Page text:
Green Wood Bowl

posted in: Craft | 0

Today marks a new commitment on my part to put up one blog post a week for the foreseeable future. This is intended to help inform the reader and to encourage me to experiment with my work. The first project is part of my intention to start working on a pole lathe in the future for the production of work intended for daily use in the home.

This piece is a practice piece to help me gain insight in to the exact dimensions and form of a Porringer a replica of an Elizabethan bowl found not far from Shakespeare’s Globe Theatre and made popular again by “Robin Wood”

I have axed the blank to the basic dimensions and cut it down to size.

Porringer blank

Now to mount in on to my powered lathe, I have drilled a rebate in to the centre of flattest surface with a 30mm saw toothed bit.

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This will mount directly on to my 25mm O’Donnell jaws on my Axminster scroll chuck.

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Once mounted the blank has its corners cut off, on this project I’m not heading for a cylinder as I would normally do as the bowl has hand carved handles on each side. I have used a bowel gouge with a fingernail grind for most of this project.

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Now I will flatten the bottom of the blank and start cutting to form the underside of the bowl, and then mark the bottom for the spigot to hold the bowl for hollowing.

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Above you can see I’m using dividers to mark the bottom of the bowl, I will guess when  the two points of the dividers are equidistant from the centre then touch just the left hand point to the wood as it revolves.

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This leaves a fine mark, if the two points are in line with the mark then I have a mark to cut my spigot to, you may need to adjust a couple of times but practice at this technique will pay of well. Now I will cut to this line with a parting tool.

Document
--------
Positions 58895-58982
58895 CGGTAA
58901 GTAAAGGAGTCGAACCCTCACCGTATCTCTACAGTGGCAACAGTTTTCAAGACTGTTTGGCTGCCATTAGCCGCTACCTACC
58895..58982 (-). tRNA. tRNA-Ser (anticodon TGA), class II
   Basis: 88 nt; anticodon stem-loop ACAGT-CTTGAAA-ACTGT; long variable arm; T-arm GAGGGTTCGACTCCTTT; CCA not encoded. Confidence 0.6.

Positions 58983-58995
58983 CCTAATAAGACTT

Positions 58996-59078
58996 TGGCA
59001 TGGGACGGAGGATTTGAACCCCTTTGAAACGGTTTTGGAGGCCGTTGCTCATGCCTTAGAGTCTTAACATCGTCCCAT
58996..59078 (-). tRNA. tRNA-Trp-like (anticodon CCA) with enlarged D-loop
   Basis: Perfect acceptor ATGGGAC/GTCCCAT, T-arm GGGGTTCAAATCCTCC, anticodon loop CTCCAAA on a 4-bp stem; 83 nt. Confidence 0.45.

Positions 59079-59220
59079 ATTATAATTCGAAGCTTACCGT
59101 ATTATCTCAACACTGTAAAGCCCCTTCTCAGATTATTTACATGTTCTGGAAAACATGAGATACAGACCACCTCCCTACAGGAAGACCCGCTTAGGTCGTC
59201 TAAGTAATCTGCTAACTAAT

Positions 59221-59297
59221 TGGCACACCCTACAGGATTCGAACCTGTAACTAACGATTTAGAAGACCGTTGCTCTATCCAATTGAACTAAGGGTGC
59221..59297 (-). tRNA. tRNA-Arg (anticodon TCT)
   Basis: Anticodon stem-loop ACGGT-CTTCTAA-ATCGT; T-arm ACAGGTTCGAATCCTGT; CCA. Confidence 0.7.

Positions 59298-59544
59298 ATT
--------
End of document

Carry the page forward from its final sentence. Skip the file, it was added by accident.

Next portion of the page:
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Next I will refine the form of the bowl until I’m happy with the curve and dimensions.

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Once satisfied I will reverse the bowl.

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Now I will refine the exterior of the top of the bowl and then hollow the bowl.

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Now I just need to carve off the excess wood and define the handles.

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Now its time to take off the spigot with an axe.

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A little more carving to tweak the finish, and voilà.

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All it needs now is a spoon.

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This has been a fun project taking less than 40 minuets to get to this stage but I’m not completely happy with the form and may revisit this several more times before I settle on a final design.

All the best, Steve.